AFP

YANGON — The party of Myanmar’s detained pro-democracy leader Aung San Suu Kyi said Wednesday it had not yet heard from the junta despite the appointment of a moderate general to hold talks with her.

Under pressure from the United Nations after its deadly crackdown on anti-government protests, the junta appointed Aung Kyi, a general seen as a moderate, to liaise with the Nobel peace prize winner.

But a spokesman for her National League for Democracy (NLD) party said that the general had yet to make any contact.

“The authorities have seen a need to open a process of dialogue by appointing a liaison officer,” spokesman Nyan Win said.

“It is still too early to welcome him, because we do not know what he will do or when the dialogue will start.”

Also Wednesday, an organization run by former political prisoners now living in exile in neighboring Thailand said that an NLD member arrested over last month’s protests had died after being tortured during interrogation.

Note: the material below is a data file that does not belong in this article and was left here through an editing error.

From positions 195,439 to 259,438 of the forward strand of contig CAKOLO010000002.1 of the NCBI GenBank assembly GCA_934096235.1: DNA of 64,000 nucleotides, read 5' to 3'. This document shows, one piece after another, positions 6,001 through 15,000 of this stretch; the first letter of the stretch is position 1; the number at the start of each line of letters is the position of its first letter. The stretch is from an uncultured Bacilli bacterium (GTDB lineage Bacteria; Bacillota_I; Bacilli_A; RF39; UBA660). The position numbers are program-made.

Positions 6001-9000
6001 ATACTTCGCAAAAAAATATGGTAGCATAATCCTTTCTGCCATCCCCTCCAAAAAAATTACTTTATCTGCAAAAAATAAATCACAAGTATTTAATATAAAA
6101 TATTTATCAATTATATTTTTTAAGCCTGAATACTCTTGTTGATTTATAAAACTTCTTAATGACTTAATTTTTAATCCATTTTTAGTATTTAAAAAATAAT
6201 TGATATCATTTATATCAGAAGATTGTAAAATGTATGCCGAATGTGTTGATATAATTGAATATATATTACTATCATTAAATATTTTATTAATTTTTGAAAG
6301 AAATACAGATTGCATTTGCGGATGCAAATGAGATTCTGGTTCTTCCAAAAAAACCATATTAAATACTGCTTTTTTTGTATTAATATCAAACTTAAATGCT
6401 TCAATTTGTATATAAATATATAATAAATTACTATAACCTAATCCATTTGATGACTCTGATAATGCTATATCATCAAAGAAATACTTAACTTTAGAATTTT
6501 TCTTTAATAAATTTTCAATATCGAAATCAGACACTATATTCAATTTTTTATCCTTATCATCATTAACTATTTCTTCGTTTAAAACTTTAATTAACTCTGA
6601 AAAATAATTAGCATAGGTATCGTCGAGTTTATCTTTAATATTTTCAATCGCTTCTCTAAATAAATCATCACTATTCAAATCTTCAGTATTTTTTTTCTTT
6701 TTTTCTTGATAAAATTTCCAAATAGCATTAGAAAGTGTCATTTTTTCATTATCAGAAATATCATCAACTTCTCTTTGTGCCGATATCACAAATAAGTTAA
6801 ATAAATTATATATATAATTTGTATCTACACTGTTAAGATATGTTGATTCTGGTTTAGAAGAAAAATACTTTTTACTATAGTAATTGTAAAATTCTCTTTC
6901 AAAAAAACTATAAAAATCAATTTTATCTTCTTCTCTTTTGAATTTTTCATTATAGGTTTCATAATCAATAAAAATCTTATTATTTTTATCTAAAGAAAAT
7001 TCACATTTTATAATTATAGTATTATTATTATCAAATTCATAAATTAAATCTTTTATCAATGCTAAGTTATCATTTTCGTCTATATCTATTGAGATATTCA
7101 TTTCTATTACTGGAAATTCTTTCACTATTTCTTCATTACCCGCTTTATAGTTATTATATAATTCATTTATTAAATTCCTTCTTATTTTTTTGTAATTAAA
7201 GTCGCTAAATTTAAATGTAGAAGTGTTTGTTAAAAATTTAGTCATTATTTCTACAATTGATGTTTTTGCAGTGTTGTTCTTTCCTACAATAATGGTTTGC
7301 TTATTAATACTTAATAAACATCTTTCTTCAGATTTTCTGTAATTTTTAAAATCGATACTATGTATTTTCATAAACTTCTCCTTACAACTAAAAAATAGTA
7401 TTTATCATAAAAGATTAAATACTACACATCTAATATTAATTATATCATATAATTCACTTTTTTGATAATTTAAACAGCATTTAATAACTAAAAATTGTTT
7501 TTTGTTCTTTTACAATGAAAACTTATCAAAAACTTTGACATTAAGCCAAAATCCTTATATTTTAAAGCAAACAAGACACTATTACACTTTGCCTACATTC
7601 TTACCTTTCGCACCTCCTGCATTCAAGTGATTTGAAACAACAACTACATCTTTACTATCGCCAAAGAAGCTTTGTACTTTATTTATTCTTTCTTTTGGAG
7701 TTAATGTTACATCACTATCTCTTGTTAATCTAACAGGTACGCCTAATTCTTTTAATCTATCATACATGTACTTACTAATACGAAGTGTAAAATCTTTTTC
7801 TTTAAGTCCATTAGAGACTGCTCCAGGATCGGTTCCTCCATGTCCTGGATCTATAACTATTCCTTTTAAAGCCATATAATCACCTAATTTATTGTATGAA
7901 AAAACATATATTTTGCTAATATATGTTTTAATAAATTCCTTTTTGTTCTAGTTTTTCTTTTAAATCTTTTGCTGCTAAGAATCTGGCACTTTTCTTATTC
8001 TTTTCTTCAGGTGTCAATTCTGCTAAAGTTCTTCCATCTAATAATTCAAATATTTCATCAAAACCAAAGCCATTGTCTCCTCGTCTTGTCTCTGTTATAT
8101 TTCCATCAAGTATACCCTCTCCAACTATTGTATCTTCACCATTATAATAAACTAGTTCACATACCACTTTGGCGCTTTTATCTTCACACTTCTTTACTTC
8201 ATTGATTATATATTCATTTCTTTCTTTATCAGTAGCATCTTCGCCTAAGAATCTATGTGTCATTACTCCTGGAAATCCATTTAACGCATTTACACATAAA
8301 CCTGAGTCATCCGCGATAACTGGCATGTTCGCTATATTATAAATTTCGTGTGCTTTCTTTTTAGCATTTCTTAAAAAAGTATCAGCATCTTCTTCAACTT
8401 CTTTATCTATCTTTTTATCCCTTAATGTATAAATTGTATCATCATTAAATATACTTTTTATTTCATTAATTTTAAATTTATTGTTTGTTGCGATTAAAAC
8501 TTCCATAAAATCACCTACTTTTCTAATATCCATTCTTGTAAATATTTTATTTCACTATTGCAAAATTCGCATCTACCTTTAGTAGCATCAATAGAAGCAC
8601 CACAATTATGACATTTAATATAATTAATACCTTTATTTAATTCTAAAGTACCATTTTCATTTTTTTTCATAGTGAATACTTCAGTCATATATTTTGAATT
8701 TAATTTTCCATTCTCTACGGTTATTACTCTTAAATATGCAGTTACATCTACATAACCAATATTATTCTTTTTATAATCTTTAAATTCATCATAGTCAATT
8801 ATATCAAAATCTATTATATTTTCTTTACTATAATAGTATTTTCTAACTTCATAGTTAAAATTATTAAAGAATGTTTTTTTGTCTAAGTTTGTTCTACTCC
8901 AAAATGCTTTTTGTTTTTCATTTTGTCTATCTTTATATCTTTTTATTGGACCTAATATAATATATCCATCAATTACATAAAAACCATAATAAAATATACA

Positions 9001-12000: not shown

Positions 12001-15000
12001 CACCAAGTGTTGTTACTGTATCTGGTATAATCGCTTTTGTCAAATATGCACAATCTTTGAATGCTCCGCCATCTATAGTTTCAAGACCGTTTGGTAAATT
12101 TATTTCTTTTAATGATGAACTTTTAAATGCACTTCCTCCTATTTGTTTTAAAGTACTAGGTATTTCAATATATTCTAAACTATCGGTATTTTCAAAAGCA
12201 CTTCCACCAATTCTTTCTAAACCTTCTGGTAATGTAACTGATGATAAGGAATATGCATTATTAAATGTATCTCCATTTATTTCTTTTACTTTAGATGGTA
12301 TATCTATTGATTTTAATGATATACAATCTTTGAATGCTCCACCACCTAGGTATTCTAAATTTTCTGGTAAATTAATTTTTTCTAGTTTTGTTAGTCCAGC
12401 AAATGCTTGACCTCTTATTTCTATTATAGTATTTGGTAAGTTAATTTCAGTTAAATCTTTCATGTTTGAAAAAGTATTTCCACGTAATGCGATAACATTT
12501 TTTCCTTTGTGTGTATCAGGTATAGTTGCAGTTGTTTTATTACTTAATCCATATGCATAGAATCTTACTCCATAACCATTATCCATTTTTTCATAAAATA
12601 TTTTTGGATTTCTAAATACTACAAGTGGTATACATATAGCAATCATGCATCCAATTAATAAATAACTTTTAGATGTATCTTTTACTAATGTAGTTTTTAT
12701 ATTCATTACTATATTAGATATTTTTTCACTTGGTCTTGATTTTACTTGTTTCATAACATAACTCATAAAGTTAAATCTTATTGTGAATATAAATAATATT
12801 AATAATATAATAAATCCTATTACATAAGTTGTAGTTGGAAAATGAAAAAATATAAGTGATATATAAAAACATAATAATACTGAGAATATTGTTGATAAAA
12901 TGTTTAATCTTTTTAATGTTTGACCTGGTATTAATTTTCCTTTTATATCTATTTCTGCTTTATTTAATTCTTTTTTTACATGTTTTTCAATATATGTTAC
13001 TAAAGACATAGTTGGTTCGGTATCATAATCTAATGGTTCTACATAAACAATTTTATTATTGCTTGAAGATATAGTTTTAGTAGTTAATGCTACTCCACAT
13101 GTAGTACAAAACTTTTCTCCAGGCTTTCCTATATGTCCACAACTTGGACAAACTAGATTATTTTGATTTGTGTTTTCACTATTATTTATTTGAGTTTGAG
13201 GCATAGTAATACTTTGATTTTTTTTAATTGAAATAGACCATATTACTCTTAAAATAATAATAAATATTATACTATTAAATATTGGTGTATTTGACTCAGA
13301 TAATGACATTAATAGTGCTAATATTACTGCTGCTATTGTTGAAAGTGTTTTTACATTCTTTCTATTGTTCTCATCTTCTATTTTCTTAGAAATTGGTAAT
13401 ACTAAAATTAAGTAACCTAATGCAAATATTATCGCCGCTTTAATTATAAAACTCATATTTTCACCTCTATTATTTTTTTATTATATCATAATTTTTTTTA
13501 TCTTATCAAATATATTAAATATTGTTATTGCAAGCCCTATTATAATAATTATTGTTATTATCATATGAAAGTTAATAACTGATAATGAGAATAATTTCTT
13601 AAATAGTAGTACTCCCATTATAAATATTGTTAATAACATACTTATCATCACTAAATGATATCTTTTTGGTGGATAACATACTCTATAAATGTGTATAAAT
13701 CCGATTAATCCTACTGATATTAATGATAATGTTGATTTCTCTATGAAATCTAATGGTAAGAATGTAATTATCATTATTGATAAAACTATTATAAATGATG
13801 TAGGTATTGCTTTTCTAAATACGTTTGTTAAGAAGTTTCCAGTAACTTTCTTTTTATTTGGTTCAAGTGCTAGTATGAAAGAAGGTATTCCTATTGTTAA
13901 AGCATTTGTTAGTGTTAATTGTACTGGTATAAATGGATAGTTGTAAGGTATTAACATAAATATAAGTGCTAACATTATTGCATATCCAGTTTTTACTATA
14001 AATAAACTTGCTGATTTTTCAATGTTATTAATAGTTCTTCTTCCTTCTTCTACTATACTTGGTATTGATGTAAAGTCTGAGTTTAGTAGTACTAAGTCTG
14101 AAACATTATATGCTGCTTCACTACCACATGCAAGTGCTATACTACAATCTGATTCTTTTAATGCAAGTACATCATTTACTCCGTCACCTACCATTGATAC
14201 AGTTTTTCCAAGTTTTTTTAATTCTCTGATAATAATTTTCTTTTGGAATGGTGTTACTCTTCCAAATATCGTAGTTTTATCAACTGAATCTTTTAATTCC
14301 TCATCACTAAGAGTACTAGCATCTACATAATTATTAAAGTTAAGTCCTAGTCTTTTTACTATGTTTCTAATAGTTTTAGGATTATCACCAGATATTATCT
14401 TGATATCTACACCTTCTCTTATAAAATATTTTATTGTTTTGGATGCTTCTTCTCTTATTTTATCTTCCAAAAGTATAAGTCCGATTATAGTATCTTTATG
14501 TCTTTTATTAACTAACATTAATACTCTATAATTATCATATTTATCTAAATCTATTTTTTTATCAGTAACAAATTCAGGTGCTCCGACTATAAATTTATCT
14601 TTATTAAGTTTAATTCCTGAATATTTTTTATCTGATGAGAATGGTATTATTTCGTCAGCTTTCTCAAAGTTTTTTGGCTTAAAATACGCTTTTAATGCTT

Win Shwe, 42, was detained on Sept. 26 near Myanmar’s second city of Mandalay, the Assistance Association for Political Prisoners said.

“He died as a result of torture during interrogation. However, his body was not sent to his family and the interrogators indicated that they had cremated it instead,” the group said in a statement.

The NLD were not immediately available to confirm the death.

Myanmar’s junta cracked down on peaceful protests led by Buddhist monks in Yangon last month, unleashing baton charges, tear gas and live rounds, killing at least 13 people and sparking an international outcry.

In an apparent attempt to forestall any punitive U.N. action, the junta has made a series of conciliatory moves.

The military last week said that junta leader Than Shwe was willing to meet Aung San Suu Kyi, who has been under house arrest for most of the past 18 years.

But it also said those talks would come with strict conditions attached, including a demand that she drop support for the international community to slap more sanctions on Myanmar, formerly known as Burma.